Every road trip (hell, every trip) needs a great book or two to go with it. While I tend to grab whatever books I’m reading plus the next two on my list, it’s a lot of fun to find books with themes or scenes that echo the place you’re going. Sometimes excerpts might even influence the sites you visit or the experiences you seek out while in a given location.
I’ve put together four lists of books that represent regions in the U.S. and how you might split up sections of a road trip across the country. The lists are in no particular order and are not definitive, as a list of thirteen books could never be conclusive. They should serve as an introduction to the posts I’ve lined up over the next several weeks about the road trip I took through the South last June.
So, before we dive in, let’s get the quintessential road trip books out of the way:
The most obvious choice, this thinly-veiled autobiography traverses the country in prose as flippantly direct and meandering as the trip itself.
This novel leads through the back streets and forgotten roads to through the U.S. to land on the doorsteps of equally forgotten towns. If you’re looking for a real American experience that not everyone talks about, but almost everyone feels, then this is it.
Region One: The South
The novel that caused an entire town to disown the author is not-so-loosely drawn from Wolfe’s experience growing up in a boarding house run by his mother. His overarching theme, even in beautiful and welcoming Asheville, NC, is that once you leave home you can never really go back again.
This “non-fiction novel” chronicles the murder of a male prostitute in Savannah by rearranging the timeline of events and telling them as though they were a part of a novel rather than true events. The work brings Savannah’s infamous Squares, Bonaventure Cemetery, and numerous statues to life.
A nostalgic choice more than anything, the innocent and untainted outlook of children is meant to inspire readers of all ages. The plot is as beautiful as it is tragic and its whole is nothing short of poignant.
A poor family in rural Mississippi struggles to get the matriarch’s body to her hometown in which she so desperately wanted to be buried. It’s Faulkner’s connection to the setting, and his moving description of it, that keep this novel from spiraling into the depressive state in which it treads.
Everyone should read this novel. Its surface plot, easy to read with an accessible vocabulary, is moving and pertinent to the human condition. Set in (mostly) rural Georgia, it tracks Celie, a poor, uneducated African-American in the 1930s, from her difficult childhood through her equally difficult early adulthood and the fulfillment of self-love.
This debut novel follows John Singer and four acquaintances he makes in 1930s Georgia. Every person in this novel is different, well-developed, and most importantly, struggling with something in their lives.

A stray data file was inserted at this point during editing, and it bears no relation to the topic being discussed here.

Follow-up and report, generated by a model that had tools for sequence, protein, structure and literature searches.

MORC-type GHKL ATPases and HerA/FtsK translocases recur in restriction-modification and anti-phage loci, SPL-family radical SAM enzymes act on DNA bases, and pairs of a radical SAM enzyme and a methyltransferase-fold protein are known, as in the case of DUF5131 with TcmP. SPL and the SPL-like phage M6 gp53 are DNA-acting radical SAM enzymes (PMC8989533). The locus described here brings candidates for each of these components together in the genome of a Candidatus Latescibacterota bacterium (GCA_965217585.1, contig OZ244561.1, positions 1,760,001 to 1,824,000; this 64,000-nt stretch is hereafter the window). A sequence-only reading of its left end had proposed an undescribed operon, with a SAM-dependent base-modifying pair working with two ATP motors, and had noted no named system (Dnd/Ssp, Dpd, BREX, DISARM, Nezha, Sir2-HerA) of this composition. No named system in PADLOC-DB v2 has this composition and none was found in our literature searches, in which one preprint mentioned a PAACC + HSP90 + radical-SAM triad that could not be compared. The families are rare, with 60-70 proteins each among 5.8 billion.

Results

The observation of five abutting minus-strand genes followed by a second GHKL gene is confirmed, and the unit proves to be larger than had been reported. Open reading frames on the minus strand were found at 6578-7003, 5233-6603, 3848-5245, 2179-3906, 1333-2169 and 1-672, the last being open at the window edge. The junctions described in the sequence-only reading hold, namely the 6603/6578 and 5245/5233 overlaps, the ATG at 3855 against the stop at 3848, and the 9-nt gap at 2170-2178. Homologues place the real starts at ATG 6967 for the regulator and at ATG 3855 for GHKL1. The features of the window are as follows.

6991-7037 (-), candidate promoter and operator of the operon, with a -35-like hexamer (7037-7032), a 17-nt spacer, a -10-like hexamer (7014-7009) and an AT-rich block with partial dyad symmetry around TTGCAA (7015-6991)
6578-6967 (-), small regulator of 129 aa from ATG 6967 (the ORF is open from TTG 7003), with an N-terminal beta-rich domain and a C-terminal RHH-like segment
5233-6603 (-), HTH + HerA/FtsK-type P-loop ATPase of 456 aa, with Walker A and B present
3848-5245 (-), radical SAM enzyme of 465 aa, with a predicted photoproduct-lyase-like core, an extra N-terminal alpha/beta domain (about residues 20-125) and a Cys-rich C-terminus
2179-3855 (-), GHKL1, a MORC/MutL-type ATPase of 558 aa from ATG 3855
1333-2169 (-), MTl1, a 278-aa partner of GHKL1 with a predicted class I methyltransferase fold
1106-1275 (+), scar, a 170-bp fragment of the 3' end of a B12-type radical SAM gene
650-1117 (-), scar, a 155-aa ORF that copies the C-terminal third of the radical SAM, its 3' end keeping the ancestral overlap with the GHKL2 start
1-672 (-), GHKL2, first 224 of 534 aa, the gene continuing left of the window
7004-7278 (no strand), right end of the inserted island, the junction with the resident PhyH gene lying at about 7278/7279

Written from multiple viewpoints, this novel is set during the Great Depression and all of its economic uncertainty weighs heavily on the plot’s theme and characters. Harry Morgan, the novel’s central character, starts out as a fishing boat captain in Key West who must take on illegal activities and the smuggling of contraband between Cuba and Florida in order to support his family.
The string that binds Brown’s collection of short stories is made of love gone wrong in various shades that have been stitched, re-stitched, and worn by humans the world over. These particular collections are threaded by flawed men – womanizing, boozing, pick your poison – in the backwoods of Mississippi, in rundown bars and rusted-out trucks.
The characters and some plot devices are familiar these days, with all of the vampire options out there, but what separates this one (aside from good writing) is the connection it draws between their condition and the Southern Gothic of New Orleans. There’s no better setting for such a story of darkness, loss, the desire and eventual disdain for immortality.
This short story collection centers on violent acts that cause many of the protagonists to come to terms with either themselves or their surroundings – at least for a moment. The entirety of the collection serves as a reminder that epiphanies aren’t forever.
If you’re going through the South, hopefully you’ve decided to visit a few of the plantations dedicated to showing the horrors of slavery (and not just the plantations that look pretty in a photograph), as well as museums and preserved markets. Morrison’s novel concerns the aftermath of slavery, being subjected to it and raised within it, and how repressing its memory leads to dissociation and a fragmented identity. The entirety of the plot is difficult, nuanced, and necessary. Morrison facilitates an understanding of American history that can never really be understood.
This semi-autobiographical novel, set in South Carolina, confronts the abuse the protagonist endures from those are supposed to love her most. It’s noted for exploring the relationships between mothers and their children as well as the faults within a society that allow (not to be confused with cause or condone) such behavior to occur.
Directly in the path of Hurricane Katrina, this novel sets ordinary people (and one’s dog) – poor, suffering, pregnant, loving, absent, abusive, sexual – against extraordinary obstacles and doesn’t allow them to buckle underneath them. Suffering isn’t ennobling, it’s endured; family bonds and interdependencies, especially within poor families are explored in their honesty, not for show. It’s at turns heartbreaking and hard to read (thanks to a particular scene) but also poignant and somehow hopeful. That’s the beauty of Ward’s novel.
Lists for the Northeast, the Midwest, and the West will be popping up over the next few days.
– M. Ray Hall